British Columbia (BC) Hydro's announcement that it is
installing wireless smart meters across the Province under a
statutory mandate has given rise to an unusual human rights
complaint, and a novel "class action" procedural
A BC Human Rights Tribunal (BCHRT) member has permitted a
"citizens' group" to advance a complaint on behalf of
a proposed class of all BC persons diagnosed with electromagnetic
hypersensitivity (EHS) who were subsequently advised by a physician
to avoid wireless technology. The complaint alleges discrimination
based on physical disability contrary to the BC Human Rights
Code (Code) and seeks a declaration that BC Hydro improperly
discriminates, by failing to provide individual unconditional
written commitments that it will refrain from installing wireless
smart meters at any particular class member's place of
residence. An order is also requested that BC Hydro "cease and
desist" from the allegedly discriminatory conduct.
According to this decision, where a human rights complaint: (i)
alleges facts which if proven could amount to a Code breach; (ii)
defines a class with an apparent common issue; (iii) appears to be
in in the group interest; and (iv) is pursued by a representative
who proposes a method for keeping class members informed including
notified of the right to opt out, then a BCHRT member has a
discretion to permit the complaint to proceed on a class basis.
The BCHRT held that the complaint alleges: (i) a Code
breach based on disability; (ii) adverse treatment in respect of a
service customarily available to the public; and (iii) a connection
between the alleged disability and adverse treatment. The class is
defined as persons diagnosed with EHS who received some
contra‑indication for exposure to the technology due to its
alleged effect on their medical condition. Physician advice, not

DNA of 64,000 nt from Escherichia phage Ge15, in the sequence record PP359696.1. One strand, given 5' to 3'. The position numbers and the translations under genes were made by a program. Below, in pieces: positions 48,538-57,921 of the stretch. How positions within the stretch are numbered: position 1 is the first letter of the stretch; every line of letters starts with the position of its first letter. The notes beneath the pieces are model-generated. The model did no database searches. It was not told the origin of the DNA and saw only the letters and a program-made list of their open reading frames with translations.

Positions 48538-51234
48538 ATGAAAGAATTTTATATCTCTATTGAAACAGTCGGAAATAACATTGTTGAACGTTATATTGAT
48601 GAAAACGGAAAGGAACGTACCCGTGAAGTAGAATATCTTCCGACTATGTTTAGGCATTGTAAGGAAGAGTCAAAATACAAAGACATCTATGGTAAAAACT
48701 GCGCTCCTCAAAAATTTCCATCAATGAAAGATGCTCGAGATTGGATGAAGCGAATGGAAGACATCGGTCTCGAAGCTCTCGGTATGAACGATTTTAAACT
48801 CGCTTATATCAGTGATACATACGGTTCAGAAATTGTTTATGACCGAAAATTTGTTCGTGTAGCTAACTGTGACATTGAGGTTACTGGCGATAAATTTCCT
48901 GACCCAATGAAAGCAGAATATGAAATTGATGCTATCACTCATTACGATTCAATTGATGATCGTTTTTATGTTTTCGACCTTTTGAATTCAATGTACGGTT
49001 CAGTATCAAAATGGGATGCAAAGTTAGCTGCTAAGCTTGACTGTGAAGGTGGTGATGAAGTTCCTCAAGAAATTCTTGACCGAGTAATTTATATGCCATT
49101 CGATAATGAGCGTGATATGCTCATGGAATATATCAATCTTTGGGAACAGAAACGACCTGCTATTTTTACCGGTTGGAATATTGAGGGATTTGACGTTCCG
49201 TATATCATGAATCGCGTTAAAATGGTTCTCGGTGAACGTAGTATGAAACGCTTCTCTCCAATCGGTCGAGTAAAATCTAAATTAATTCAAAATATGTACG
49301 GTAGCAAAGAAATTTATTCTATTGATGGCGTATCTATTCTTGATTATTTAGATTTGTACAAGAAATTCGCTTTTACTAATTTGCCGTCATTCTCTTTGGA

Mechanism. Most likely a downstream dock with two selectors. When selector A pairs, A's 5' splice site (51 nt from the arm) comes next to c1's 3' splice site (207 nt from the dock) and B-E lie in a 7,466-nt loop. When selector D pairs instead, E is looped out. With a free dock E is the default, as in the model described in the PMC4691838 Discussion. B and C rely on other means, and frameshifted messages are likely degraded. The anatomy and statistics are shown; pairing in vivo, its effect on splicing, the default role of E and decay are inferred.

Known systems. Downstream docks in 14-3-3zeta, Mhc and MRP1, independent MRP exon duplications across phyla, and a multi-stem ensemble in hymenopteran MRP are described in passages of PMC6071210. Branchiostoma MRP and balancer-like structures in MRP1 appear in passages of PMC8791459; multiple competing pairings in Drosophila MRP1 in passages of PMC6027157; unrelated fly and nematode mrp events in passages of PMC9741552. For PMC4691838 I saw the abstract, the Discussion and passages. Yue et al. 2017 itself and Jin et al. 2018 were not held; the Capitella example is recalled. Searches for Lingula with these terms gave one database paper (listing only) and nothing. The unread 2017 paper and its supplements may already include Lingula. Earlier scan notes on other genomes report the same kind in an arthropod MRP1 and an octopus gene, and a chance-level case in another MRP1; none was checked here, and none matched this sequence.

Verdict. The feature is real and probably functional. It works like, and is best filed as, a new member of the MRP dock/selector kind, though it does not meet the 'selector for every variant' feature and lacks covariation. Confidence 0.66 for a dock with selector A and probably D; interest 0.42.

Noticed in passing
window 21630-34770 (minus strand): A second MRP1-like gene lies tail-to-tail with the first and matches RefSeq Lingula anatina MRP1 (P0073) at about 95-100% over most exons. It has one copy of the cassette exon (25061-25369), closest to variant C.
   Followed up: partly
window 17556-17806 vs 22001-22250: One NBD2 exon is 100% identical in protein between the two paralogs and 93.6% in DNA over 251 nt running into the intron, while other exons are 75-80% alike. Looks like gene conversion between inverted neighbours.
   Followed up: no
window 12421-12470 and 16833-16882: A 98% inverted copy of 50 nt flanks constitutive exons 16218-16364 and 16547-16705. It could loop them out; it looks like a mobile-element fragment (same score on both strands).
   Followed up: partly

particulars of an individual's medical condition, are said to
define class membership. According to the BCHRT member, it is not
necessary at this point in the proceeding to provide any medical
proof of disability.
Despite authorizing a class complaint, the BCHRT member stated
that there is no present obligation requiring group members to be
advised about their right to participate in or to opt out of the
It is relatively common knowledge that the government has a "duty to consult" aboriginal groups when undertaking actions or making decisions that could adversely affect aboriginal rights, aboriginal title and treaty rights.
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Our April 7 post on the report of the Expert Panel reviewing federal environmental assessment processes noted that the report contains recommendations for greater inclusion of Indigenous peoples in federal environmental assessment processes.
Over the past week, the Project Law Blog has been discussing the recommendations set out by the Expert Panel in its report entitled Building Common Ground – A New Vision for Impact Assessment in Canada, The Final Report of the Expert Panel for the Review of Environmental Assessment Processes.
On April 5, 2017 the Federal Minister of Environment and Climate Change received her report from an expert panel of four, comprised of three lawyers with significant environmental and aboriginal law experience as well as a retired senior executive of a resource company.
On April 5, 2017, an Expert Panel established by the Minister of Environment and Climate Change (the "Panel") released its report, Building Common Ground – A New Vision for Impact Assessment in Canada, The Final Report of the Expert Panel for the Review of Environmental Assessment Processes (the "Report").
Last week we summarized the recommendations set out by the Expert Panel established by the Minister of Environment and Climate Change in its report entitled Building Common Ground – A New Vision for Impact Assessment in Canada, The Final Report of the Expert Panel for the Review of Environmental Assessment Processes.
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